Jemima Lewis: What my granny told me about class

It's pervasive, pernicious and often unkind - but at least it's not driven by cash
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So that's it, then: the classless society is upon us. A survey published this week claimed that the old social order is melting away, as Britain becomes one vast, amorphous middle class. The report, by the think-tank Future Foundation, found that in the past 40 years, the proportion of Britons who describe themselves as middle class has risen from 30 per cent to 43 per cent.

The working classes can still claim the majority (at 53 per cent) but not for much longer: by 2020, they will have been overtaken by the new bourgeoisie. The aristocracy is on the point of extinction already: only 1 per cent have the gumption to describe themselves as upper class.

At first glance, then, this looks like a vindication for John Major and Tony Blair and all the other politicians who have sought to level the social playing field. The rise in mass affluence, the increase in home ownership, and the expansion of higher education have helped to smash down the barriers, bringing us all together in one happy, homogenous, suburban melting pot.

A likely story. The human instinct for hierarchy is amazingly tenacious, and no one does it better, or with more fiendish subtlety, than the British. The authors of this survey were perplexed to discover, for instance, that people did not always rank themselves according to the size of their income or the grandeur of their profession. Thirty-six per cent of builders described themselves as middle class, while 29 per cent of bank managers insisted they were working class. The few who described themselves as upper class actually had lower incomes than the middle classes.

None of this should come as a surprise. The whole point about the British class system - the reason it continues to provoke such anger and fascination - is that it is complex almost beyond human endurance. Instead of being a simple ladder, with rich people at the top and poor at the bottom, it is a vast cobweb of gossamer-fine social distinctions - incomprehensible to the outsider, largely baffling even to us.

Most of what I know about class I learnt from my grandmother, who - though only a farmer's daughter - has a dowager duchess's nose for social nuance. She taught me all the things it was common to say - such as pardon and lounge and "ever so" - and then tested me on them, typing out exam papers with questions such as "What is the proper meaning of 'toilet'?" or "When should you use a doily?" (Answer: Never.)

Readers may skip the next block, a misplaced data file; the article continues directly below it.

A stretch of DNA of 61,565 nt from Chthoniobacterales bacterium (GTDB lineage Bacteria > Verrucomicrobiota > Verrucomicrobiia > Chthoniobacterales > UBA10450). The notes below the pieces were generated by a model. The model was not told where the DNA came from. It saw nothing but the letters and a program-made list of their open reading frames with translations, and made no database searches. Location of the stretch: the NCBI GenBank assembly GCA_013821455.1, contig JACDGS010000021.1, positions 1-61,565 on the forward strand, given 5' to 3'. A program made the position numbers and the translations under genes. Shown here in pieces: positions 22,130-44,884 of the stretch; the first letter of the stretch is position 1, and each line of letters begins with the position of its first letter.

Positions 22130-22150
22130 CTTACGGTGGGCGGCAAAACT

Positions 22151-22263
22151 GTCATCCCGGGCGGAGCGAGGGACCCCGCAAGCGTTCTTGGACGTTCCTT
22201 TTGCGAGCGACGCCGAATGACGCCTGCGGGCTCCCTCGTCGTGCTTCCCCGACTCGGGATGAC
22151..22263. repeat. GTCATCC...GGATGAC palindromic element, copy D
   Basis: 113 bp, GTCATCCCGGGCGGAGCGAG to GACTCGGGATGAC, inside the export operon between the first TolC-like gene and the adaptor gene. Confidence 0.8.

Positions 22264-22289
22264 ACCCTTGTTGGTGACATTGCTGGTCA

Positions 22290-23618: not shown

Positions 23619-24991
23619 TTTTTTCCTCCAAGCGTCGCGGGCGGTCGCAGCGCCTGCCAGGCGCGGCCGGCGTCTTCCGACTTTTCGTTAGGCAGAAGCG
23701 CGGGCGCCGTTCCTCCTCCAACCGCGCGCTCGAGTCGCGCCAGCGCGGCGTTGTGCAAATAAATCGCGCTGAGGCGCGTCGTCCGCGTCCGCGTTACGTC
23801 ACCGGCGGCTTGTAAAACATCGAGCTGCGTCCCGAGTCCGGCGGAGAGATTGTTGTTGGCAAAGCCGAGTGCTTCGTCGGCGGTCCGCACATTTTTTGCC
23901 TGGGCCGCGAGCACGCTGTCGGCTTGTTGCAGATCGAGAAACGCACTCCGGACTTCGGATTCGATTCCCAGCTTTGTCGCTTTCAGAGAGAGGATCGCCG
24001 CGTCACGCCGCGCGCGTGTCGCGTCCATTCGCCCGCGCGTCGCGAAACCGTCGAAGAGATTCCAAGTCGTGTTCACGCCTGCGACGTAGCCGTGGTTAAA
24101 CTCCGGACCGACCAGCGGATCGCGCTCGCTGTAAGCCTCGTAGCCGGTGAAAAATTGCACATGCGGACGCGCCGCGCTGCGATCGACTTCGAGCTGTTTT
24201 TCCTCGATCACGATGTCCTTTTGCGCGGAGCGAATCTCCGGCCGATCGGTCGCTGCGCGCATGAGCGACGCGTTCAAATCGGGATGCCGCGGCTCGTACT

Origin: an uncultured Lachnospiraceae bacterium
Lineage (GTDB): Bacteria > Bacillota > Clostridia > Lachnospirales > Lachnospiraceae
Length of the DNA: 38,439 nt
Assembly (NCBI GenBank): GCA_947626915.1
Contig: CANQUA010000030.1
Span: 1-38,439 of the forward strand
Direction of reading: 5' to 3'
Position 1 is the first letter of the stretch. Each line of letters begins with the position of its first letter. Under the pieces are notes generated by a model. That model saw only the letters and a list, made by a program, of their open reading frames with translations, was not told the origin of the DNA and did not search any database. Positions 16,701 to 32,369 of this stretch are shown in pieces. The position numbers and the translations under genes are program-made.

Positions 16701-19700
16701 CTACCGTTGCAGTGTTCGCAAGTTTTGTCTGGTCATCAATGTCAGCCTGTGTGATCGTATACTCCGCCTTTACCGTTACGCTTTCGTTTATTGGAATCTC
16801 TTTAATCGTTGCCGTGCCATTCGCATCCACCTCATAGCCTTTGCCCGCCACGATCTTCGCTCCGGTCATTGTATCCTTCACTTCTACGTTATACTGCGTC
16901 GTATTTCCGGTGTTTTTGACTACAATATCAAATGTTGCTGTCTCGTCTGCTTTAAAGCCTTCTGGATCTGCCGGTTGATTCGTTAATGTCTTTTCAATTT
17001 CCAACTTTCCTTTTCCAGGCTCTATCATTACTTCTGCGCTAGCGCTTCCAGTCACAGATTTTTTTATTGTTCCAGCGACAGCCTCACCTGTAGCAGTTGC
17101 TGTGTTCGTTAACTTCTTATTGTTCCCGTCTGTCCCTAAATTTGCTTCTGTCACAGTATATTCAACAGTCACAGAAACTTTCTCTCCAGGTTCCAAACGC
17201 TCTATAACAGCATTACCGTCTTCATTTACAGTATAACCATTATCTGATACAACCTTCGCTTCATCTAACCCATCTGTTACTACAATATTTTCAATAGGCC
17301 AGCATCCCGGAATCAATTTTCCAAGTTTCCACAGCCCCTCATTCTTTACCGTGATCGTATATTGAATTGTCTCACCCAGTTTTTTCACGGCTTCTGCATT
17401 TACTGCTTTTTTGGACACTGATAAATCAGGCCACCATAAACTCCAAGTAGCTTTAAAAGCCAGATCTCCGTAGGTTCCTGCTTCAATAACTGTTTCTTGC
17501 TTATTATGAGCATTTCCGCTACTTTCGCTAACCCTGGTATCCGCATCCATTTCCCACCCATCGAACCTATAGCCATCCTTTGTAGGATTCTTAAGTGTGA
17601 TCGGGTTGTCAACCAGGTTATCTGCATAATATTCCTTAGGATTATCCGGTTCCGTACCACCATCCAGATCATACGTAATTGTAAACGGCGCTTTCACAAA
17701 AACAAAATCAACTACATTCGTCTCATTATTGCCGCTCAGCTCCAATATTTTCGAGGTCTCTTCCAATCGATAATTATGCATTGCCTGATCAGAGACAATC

A reluctant student in every other field, I loved my granny's lessons in snobbery. As a child of the 1970s, surrounded most of the time by non-judgemental progressive thinkers, I found it exhilarating to be with someone who firmly believed that you could, and should, judge a man by his shoes.

There was nothing underhand or snide about Granny's class- consciousness: on the contrary, she was always keen to rescue the common folk from their own errors of taste. People, she insisted, were "grateful to be told" if their curtains were an eyesore, or their sideburns made them look like a lorry driver.

I did not share her reformist zeal. For me, the pleasure was always in cracking the code: pinning down the myriad clues that distinguished, say, the upper-middle class intelligentsia from the middle-middle classes. I scrutinised my own family closely, trying to decide to which sub-strata of the bourgeoisie we belonged.

On the one hand, my parents earned a pittance. (At one point my father discovered that he could almost double his income if he became a bus driver.) On the other, they had distinguished-sounding jobs. (My mother worked for a literary agency; my father was a publisher turned author.) Our house had threadbare carpets, rotting woodwork, and dust and cat hair drifting across the draughty floorboards. Yet, confusingly, this was one of the posher things about us.

My friends at convent school, whose fathers were mostly policemen, plumbers and taxi drivers, lived in far greater comfort. They had white, deep-pile carpets and Jacuzzi baths. Their houses were toasty warm; the television was always on; there were Wagon Wheels and family-sized Coke bottles in the fridge. I envied them all this, at the same time as feeling uneasily superior to it. They, in turn, were shocked by my impecunious living arrangements - especially my mother's habit of serving lentils and brains for supper - but also unnerved. I sounded posh, yet I'd never even been on a foreign holiday. Were they missing something?

Of course they were: that's the whole point of having such a complicated class system. If it were just about money, any old arriviste or foreigner might muscle their way in at the top. The British upper classes - and later the upper middles - realised that fortunes come and go. To preserve their position in the hierarchy they had to invent a secret code: one so full of contradictions and surprises that only the most determined interloper could crack it. This is both the strength and the weakness of our class system: it's pervasive, pernicious and often unkind - but at least it's not driven by cash.

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